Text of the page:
Monday, October 28, 2002

Another World: it's a story

Torill Mortensen, thinking of MUDs and such, asks about Another World:

"Where is the politics supposed to come from? Is that the game AI? Who will raise their voices, who will cry and who will undress?

The characters of Another World are simply that: characters, written on the page. It's one interfolded and interlocked set of stories that unfolds differently in each reading. It's a sculptural hypertext, quite close to Card Shark and Thespis.

Take Miles Corbett, the correspondent for the Times who wants to be your friend, your advisor, your confidant, and who has such good contacts in the Intelligence Community. I don't want him to be a "player character", because a role-player having a bad day could ruin everything. I don't want him to be a robot, because he'd be at least as hard as Julia to program -- even without worrying about dramatic pacing -- and he's just one character.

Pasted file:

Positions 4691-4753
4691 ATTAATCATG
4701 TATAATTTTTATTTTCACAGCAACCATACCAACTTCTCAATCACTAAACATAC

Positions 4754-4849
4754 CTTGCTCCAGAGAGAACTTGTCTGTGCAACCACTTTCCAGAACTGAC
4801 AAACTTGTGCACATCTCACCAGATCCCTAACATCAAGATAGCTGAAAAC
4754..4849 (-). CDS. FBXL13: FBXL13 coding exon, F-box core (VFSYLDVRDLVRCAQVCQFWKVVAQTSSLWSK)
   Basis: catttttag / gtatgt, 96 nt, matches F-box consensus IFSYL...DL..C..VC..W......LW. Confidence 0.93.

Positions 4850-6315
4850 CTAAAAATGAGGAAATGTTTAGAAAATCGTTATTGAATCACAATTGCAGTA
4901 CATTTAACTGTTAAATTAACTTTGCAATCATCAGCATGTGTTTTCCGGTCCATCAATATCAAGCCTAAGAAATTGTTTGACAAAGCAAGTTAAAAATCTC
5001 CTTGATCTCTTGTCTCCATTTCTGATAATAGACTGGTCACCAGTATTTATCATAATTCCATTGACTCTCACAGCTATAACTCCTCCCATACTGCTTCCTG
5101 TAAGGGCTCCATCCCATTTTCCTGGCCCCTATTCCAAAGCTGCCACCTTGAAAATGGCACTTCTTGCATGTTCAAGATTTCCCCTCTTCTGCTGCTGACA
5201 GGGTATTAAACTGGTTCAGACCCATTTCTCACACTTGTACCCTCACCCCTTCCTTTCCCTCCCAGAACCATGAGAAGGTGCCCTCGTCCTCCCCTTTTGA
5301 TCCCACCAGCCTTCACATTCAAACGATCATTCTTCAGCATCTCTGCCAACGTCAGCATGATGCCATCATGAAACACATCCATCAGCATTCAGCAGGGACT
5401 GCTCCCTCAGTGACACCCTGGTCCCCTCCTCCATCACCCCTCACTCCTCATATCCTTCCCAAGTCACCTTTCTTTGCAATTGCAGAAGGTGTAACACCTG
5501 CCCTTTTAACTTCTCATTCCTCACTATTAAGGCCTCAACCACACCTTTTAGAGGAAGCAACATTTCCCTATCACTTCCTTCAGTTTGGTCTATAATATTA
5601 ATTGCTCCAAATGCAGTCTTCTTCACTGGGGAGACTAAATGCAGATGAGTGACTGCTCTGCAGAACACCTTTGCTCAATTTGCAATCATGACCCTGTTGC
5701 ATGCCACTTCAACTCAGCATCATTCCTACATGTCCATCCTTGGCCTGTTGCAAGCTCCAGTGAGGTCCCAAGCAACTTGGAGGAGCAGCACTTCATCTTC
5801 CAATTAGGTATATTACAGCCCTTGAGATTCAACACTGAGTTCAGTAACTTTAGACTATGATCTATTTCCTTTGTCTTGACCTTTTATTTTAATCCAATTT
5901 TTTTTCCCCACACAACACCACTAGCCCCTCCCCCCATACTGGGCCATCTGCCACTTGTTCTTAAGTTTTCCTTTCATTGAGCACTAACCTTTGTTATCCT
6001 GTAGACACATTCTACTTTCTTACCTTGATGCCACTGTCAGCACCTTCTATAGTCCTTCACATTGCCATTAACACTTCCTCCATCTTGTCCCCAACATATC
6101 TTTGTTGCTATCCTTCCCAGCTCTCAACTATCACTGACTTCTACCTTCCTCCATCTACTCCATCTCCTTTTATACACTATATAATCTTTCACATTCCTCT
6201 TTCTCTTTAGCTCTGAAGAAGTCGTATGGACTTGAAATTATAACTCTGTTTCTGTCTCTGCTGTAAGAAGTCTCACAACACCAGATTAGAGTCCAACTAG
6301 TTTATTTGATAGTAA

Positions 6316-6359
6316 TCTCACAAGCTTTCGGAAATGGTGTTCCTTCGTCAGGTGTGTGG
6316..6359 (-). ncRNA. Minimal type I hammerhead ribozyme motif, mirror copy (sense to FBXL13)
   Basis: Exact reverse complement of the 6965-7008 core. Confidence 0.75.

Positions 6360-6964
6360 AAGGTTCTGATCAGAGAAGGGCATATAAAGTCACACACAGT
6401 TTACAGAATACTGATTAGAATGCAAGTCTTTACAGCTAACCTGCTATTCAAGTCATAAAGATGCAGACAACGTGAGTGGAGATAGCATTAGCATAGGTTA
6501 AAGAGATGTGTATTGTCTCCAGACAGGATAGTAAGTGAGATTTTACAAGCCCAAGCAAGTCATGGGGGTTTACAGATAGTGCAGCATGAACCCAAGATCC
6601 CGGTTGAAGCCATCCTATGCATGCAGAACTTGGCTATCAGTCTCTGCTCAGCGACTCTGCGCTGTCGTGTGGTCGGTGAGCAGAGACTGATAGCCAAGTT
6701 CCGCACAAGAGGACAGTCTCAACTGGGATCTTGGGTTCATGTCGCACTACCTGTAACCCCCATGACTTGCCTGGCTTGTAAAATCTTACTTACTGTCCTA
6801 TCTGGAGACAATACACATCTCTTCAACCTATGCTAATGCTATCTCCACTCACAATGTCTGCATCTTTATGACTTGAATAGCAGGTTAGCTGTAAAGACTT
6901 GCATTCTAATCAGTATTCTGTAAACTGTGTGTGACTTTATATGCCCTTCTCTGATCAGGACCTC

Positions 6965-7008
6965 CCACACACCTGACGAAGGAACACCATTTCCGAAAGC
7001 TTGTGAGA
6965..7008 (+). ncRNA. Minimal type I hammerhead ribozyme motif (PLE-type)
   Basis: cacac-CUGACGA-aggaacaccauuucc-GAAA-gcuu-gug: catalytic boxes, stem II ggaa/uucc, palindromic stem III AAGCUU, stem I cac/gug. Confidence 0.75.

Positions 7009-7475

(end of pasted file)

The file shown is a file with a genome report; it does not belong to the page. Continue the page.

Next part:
Instead, I'll simply write about Mr. Corbett, his intrigues and his passions and his singular advice. In some readings, you'll see a lot of Mr. Corbett. In some readings, he'll fade into the woodwork, or leave the stage early. When he turns to you and says,

"Wake up! Look about you! Look at that boy over there. Yes, that exquisite elf lad, Jehann's boy. Tell me: don't you want him?"

This might mean one thing in your reading, and something else entirely in mine. Everything Corbett says and does is written down: at most, the computer decides what would be best to say at each moment and what is best said later, or not said at all.